Shady: A Robotic Sunshade
Carrick Detweiler, Alex Hornstein, Keith Kotay, Peter Osagie, Daniela
Rus, Paulina Varshavskaya, Iuliu Vasilescu,
Marsette A. Vona, Justin Werfel & Yeoreum Yoon
We work in the new Stata Center building in
a room with a large wall-window (about 4m tall and 8m wide) which currently
has no shades to block sunlight. As many of our desks are directly next
to this window we needed some means to block the light from hitting our
computer screens. Instead of traditional shades which would block the
whole window, detracting from the view, we have decided to build a robot
which can climb on the window's aluminum muntins.
It can thus be positioned on the window to be a localized sunshade and
will be able to dynamically track the sun throughout the day.
We are developing a four degree of freedom robot to climb around on
the lattice formed by the window muntins. The robot is symetric, with
two barrels that have a rotational degree of freedom, and each barrel
contains a one degree of freedom gripper which is able to grab onto a
muntin. Below is an image of the prototype.
Prototype of the four degree of freedom Shady robot with hand fan used
In addition to the four degrees of freedom used for motion, the robot
will also be able to deploy a hand fan as seen above. This will allow
the robot to move into the desired shading location with the minimum impact
on the aesthetics of the window. When it reaches the desired location
the shade can be deployed.
We are using a variety of hardware and electronics in the Shady prototype.
Most of the hardware has been custom designed. We are using a Sharp
Zaurus for high level control and interface the Zaurus with a stack
of Acroname Brainstems
for lower level sensing and motor control.
Planning and Control
Given a Shady robot and a system of muntins, we would like for Shady
to position itself in an optimal spot for shading. This requires the traversal
of the lattice formed by the muntins to goto and maintain the optimal
location which will possibly be changing as the outside lightning conditions
change. We developed a planning and control system that synthesizes the
primitive Shady steps needed to move from region A to region B on muntins.
We have implemented this in the Shady Simulator. This
allows us to test the algorithms we develop in simulation before using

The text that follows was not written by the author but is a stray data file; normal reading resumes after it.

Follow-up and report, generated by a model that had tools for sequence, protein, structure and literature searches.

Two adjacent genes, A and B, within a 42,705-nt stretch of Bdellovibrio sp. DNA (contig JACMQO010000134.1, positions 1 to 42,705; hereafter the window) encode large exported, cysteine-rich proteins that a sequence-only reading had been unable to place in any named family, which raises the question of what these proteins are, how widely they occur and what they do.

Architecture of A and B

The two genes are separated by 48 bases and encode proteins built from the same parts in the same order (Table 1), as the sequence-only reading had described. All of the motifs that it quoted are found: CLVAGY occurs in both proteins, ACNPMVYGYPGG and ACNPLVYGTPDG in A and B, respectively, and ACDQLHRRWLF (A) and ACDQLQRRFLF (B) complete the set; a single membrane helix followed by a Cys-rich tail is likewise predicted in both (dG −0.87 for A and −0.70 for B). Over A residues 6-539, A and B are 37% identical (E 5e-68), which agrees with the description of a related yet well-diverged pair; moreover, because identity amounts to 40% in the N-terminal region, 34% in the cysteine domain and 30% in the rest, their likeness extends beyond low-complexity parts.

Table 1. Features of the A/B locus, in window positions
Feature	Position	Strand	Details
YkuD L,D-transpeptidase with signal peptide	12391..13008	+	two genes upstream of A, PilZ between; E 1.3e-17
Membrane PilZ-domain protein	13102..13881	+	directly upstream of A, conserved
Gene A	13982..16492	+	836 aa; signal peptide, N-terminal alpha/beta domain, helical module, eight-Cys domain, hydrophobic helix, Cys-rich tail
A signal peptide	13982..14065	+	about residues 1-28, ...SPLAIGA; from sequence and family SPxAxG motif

them on the actual hardware. The simulator and hardware platform share
a large portion of the code base, allowing easy porting of algorithms.
One such algorithm we have developed is a Path Planner that finds the
shortest path from its current location to a desired goal point. Below
is a screen shot of the path finder.
Image showing all possible Shady gripper points in the environment within
a given search radius (light blue), the shortest path (red), and the goal
The user interacts with the planner by specifying a desired target point.
This is done in the simulator by clicking the mouse somewhere in the environment.
The path finder employs a breadth-first search to generate a graph representation
of the possible Shady gripper points in the environment. It then uses
Dijkstra's to find the shortest path given the selection of points. It
is interesting to note that it is possible that the path that gets Shady
closest to the desired point will not always be the shortest distance
path due to the kinematic structure of Shady. Furthermore, in environments
with muntins only intersecting at right angles, there are only a finite
number of points at which the barrel of a Shady can be attached.
Currently the planner is limited to 2D, however, it will be extended
in the future to work in arbitrary environments such as the 3D extension
of the Shady concept presented in .
We are also exploring ways in which Shadys can cooperate to improve
shading. If there are multiple locations that need to be shaded a group
of Shadys must decide which Shady should be assigned to which Shady location.
This planning process must take into consideration the fact that paths
my be blocked by other Shadys that are moving to a different shading location
or others that are actively shading. Additionally, there may be some situations
where multiple Shadys may be needed to shade a single location. In this
case care must be taken to avoid collisions. We are also exploring the
case where multiple Shadys can join together to form a unit modular self-reconfigurable
robot in .
NSF and Intel.
 Carrick Detweiler, Alex Hornstein, Keith Kotay, Peter
Osagie, Daniela Rus, Paulina Varshavskaya, Iuliu Vasilescu, Marsette A.
Vona, Justin Werfel, and Yeoreum Yoon. MultiShady: A Bipartite Heterogenous Unit Modular Self-Reconfigurable
Robot. In CSAIL Research Abstracts, 2005.